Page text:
Research has established that children’s exposure to television ads for non-nutritious food products is a significant risk factor contributing to childhood obesity. The aim of this project is to continue an ongoing, independent evaluation of a food industry self-regulatory program known as the Children’s Food and Beverage Advertising Initiative (CFBAI). Key research questions include: 1) How much food advertising is presented during children’s television programming? 2) What types of products are advertised to children? 3) What is the nutritional quality of foods advertised during children’s programming? 4) How well has self-regulation improved the nutritional quality of foods advertised to children? 5) Are licensed characters used strictly in advertising for healthy food products, as recommended by the Institute of Medicine (IOM) and other public health advocates? 6) How well do foods advertised to children comply with the proposed federal Interagency Working Group (IWG) guidelines on food marketed to children?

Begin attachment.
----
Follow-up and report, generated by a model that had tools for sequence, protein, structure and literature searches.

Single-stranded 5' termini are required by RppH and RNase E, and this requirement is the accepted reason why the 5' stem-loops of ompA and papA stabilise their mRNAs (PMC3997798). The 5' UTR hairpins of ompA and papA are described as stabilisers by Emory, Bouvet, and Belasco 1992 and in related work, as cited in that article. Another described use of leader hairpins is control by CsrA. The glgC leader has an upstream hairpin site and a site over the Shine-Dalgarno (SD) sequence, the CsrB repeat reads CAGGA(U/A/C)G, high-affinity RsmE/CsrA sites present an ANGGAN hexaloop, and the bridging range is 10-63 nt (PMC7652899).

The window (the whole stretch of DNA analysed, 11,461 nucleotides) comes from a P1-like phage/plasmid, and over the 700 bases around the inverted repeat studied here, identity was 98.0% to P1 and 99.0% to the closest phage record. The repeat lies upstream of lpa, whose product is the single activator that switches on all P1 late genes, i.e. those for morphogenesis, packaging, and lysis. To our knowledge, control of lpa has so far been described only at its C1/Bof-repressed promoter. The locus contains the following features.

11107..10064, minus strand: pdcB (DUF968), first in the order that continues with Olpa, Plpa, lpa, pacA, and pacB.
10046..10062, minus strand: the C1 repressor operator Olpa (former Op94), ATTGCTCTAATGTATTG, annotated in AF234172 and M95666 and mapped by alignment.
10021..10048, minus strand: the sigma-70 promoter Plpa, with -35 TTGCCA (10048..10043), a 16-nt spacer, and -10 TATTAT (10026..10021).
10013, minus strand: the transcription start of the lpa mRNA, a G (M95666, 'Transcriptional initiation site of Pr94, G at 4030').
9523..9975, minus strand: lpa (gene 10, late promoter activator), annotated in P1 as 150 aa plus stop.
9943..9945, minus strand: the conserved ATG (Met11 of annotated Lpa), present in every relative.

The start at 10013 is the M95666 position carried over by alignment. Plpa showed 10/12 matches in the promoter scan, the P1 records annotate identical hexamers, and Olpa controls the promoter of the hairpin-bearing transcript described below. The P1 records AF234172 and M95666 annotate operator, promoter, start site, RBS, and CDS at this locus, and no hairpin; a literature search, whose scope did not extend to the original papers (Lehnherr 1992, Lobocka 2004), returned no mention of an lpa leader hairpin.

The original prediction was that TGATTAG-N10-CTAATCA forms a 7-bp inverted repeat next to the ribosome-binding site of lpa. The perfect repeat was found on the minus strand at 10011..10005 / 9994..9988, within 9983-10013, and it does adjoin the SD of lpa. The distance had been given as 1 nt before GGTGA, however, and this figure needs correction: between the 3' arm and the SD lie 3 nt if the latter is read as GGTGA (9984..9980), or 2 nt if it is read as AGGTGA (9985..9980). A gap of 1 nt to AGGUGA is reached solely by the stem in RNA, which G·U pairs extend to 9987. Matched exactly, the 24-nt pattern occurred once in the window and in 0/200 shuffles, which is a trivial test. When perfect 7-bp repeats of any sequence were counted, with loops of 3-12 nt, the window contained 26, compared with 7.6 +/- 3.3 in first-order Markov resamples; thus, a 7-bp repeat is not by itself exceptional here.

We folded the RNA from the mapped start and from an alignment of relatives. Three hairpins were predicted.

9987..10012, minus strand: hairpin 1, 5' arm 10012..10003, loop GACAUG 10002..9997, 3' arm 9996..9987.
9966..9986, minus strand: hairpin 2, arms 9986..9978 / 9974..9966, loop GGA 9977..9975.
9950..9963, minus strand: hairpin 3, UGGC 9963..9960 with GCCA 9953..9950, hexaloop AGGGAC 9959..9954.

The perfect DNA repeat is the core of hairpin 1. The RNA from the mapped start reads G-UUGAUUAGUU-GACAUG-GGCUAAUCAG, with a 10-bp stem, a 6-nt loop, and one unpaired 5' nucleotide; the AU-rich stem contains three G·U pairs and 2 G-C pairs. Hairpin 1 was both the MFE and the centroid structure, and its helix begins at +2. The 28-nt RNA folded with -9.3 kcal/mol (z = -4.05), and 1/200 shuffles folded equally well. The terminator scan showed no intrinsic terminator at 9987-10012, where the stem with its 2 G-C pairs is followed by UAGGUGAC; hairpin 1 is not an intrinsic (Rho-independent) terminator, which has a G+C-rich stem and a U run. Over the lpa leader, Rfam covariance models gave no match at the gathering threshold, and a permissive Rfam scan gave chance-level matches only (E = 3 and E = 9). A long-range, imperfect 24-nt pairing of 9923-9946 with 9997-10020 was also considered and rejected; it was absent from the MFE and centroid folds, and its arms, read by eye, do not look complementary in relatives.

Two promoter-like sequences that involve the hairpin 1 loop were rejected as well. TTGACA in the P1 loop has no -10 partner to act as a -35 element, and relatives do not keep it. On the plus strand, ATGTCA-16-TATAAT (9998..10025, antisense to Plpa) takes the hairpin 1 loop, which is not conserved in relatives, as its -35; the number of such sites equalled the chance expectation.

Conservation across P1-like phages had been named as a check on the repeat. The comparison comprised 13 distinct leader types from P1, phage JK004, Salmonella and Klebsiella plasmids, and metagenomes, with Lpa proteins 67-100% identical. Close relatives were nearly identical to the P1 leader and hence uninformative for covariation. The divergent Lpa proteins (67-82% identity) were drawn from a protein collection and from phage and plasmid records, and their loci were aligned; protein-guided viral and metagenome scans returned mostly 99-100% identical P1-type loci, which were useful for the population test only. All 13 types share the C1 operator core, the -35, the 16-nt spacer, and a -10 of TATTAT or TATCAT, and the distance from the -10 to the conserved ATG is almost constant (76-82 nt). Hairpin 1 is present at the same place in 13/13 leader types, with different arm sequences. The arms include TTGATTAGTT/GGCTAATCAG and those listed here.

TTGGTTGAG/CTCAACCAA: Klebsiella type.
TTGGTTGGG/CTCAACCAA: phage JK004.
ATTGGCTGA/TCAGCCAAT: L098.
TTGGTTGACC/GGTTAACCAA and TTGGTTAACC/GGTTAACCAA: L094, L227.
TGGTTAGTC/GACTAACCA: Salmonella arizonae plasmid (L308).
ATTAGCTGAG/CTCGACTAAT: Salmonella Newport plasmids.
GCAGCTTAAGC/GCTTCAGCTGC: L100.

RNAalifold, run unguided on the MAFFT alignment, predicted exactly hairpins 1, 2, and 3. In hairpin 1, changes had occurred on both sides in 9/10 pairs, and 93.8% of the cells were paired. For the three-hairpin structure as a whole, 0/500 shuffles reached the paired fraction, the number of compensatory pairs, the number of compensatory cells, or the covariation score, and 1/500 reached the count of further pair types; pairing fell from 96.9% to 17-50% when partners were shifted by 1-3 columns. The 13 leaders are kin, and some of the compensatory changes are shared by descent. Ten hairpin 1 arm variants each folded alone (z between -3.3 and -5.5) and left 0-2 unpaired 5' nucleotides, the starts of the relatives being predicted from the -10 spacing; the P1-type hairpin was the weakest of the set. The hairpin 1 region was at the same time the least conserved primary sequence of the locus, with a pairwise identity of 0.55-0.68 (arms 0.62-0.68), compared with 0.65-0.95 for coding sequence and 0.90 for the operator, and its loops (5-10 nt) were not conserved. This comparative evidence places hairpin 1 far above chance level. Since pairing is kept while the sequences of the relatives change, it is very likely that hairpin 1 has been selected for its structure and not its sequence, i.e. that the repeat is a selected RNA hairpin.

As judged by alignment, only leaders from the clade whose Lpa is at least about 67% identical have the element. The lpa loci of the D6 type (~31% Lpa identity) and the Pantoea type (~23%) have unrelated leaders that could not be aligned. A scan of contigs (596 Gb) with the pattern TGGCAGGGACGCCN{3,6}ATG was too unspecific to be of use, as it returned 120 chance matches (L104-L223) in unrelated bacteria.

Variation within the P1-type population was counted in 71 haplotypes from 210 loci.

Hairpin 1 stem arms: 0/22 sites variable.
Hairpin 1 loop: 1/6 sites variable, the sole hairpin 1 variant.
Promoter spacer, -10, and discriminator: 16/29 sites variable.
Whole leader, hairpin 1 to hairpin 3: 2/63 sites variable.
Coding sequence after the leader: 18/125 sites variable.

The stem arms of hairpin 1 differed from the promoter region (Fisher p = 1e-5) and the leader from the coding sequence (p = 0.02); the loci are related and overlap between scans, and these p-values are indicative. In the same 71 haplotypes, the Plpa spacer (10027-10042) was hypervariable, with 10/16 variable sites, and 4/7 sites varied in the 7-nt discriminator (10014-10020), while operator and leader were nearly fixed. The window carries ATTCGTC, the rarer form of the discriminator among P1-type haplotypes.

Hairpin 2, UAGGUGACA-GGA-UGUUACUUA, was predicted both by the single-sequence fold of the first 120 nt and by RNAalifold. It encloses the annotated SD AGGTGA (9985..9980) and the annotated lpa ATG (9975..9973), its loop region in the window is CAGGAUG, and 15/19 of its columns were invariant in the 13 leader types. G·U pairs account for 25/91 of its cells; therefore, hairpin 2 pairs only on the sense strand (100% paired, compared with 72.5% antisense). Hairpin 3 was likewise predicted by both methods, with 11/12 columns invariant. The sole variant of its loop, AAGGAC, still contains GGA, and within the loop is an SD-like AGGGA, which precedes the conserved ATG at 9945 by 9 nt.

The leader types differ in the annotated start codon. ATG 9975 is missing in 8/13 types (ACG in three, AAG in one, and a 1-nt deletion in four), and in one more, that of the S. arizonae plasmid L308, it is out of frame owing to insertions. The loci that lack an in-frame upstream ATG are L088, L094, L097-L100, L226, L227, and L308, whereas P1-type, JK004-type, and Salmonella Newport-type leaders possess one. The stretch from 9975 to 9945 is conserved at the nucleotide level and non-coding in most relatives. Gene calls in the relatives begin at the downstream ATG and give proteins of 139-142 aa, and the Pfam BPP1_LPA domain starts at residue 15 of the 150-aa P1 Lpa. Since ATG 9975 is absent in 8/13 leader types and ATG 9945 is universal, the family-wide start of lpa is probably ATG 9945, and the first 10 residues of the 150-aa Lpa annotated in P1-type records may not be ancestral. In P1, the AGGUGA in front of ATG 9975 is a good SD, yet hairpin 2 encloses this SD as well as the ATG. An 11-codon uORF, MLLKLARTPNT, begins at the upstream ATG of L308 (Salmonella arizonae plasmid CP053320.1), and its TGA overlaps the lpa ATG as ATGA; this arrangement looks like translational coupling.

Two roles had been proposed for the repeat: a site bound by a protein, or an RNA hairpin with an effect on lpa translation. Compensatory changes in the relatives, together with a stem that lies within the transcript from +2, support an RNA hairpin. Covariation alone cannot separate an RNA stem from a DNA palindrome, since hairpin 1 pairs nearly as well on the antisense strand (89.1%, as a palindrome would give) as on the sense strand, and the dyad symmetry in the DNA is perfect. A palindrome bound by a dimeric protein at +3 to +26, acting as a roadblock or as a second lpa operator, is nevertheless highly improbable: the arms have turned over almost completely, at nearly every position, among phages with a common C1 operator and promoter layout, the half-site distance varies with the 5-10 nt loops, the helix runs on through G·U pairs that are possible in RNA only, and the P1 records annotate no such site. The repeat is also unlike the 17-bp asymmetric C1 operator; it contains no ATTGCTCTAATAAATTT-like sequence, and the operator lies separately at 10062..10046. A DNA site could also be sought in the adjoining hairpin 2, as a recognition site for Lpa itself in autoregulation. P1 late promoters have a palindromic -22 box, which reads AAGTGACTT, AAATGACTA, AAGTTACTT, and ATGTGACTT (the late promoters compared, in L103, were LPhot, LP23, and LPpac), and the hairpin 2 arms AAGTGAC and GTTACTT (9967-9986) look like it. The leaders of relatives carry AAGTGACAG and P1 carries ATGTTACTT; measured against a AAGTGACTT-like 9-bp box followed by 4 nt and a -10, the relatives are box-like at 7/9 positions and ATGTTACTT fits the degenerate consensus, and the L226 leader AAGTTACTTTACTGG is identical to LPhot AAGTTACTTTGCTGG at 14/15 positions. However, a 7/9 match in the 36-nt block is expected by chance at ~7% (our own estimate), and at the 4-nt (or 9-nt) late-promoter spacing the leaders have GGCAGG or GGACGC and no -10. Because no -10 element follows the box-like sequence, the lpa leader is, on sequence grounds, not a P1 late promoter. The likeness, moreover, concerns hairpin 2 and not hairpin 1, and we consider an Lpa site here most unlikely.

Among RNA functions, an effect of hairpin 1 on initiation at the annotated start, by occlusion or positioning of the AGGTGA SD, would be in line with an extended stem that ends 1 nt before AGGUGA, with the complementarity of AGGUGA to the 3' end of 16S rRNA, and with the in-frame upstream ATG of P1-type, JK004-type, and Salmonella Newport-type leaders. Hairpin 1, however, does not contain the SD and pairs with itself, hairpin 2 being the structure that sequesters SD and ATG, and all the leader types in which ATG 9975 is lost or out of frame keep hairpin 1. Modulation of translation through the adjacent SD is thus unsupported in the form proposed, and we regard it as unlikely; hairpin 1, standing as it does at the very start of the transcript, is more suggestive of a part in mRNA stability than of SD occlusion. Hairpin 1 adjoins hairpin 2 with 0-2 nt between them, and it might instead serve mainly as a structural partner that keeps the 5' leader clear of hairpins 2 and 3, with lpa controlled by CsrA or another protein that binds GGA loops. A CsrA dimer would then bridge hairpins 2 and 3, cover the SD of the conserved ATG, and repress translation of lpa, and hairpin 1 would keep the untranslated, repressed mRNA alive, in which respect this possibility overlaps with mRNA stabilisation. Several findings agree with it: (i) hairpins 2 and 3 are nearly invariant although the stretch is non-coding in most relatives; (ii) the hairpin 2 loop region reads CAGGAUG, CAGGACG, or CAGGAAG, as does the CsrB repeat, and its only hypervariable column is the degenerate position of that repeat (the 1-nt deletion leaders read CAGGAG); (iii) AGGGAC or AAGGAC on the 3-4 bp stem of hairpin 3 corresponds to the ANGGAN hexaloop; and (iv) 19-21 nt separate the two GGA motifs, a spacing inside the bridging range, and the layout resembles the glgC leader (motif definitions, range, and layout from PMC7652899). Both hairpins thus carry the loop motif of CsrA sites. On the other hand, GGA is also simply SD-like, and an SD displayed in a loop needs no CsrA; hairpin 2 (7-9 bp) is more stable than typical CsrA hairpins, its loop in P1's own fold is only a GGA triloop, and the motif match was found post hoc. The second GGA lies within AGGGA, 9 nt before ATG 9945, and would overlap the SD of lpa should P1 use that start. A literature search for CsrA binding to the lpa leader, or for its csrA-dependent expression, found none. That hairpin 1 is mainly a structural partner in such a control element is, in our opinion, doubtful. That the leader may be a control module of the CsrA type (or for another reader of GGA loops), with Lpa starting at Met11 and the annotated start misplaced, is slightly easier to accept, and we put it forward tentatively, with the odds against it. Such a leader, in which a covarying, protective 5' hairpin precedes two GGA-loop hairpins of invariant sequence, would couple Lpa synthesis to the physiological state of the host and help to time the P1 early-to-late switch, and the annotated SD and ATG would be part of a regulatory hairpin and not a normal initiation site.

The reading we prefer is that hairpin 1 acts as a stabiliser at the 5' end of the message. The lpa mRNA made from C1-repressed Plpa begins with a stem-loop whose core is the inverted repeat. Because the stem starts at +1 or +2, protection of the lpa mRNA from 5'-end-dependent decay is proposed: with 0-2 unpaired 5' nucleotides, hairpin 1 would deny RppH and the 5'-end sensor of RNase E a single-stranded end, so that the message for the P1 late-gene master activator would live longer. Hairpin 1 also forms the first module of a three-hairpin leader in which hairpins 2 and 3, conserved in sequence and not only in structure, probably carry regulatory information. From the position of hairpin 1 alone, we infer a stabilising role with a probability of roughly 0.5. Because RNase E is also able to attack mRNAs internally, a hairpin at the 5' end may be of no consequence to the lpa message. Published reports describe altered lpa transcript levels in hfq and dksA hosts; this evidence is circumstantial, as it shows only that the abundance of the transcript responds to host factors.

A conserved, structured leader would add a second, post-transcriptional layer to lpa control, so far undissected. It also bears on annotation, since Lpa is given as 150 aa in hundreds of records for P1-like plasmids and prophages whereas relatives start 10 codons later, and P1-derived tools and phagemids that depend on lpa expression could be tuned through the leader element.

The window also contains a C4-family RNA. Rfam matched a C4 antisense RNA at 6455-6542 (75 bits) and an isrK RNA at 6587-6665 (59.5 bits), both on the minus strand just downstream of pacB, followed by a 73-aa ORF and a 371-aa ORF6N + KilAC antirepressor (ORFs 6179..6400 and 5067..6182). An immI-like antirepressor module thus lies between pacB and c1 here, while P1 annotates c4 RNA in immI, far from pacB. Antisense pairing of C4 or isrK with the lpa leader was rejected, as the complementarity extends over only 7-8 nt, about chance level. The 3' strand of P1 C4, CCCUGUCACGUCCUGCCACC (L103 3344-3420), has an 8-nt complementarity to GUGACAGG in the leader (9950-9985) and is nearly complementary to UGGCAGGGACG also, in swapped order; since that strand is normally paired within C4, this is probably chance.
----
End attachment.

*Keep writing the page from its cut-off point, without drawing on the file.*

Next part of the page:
Studying Industry Self-Regulation of the Televised Advertising of Foods and Beverages to Children and its Impact on Nutritional Quality
In response to growing concern about children’s exposure to unhealthy food advertising, the food industry adopted a program of self-regulation – the Children’s Food and Beverage Advertising Initiative (CFBAI) – with participating companies pledging to limit child-targeted advertising to healthier products. This study assesses the efficacy of industry self-regulation by … More
Children and adolescents see between 4,500 and 6,000 food ads on TV each year, the majority of which are for products high in sugar and fat and low in essential nutrients. In April 2011, a coalition of federal authorities known as the Interagency Working Group on Foods Marketed to Children … More
Retailers and other organizations currently use a variety of nutrition standards and recommendations to guide consumers towards healthier, “Better for You”, options. This variety can be confusing to consumers. Healthy Eating Research convened a scientific advisory committee to review existing “Better-For-You” nutrition standards, and analyze their strengths and weaknesses. The … More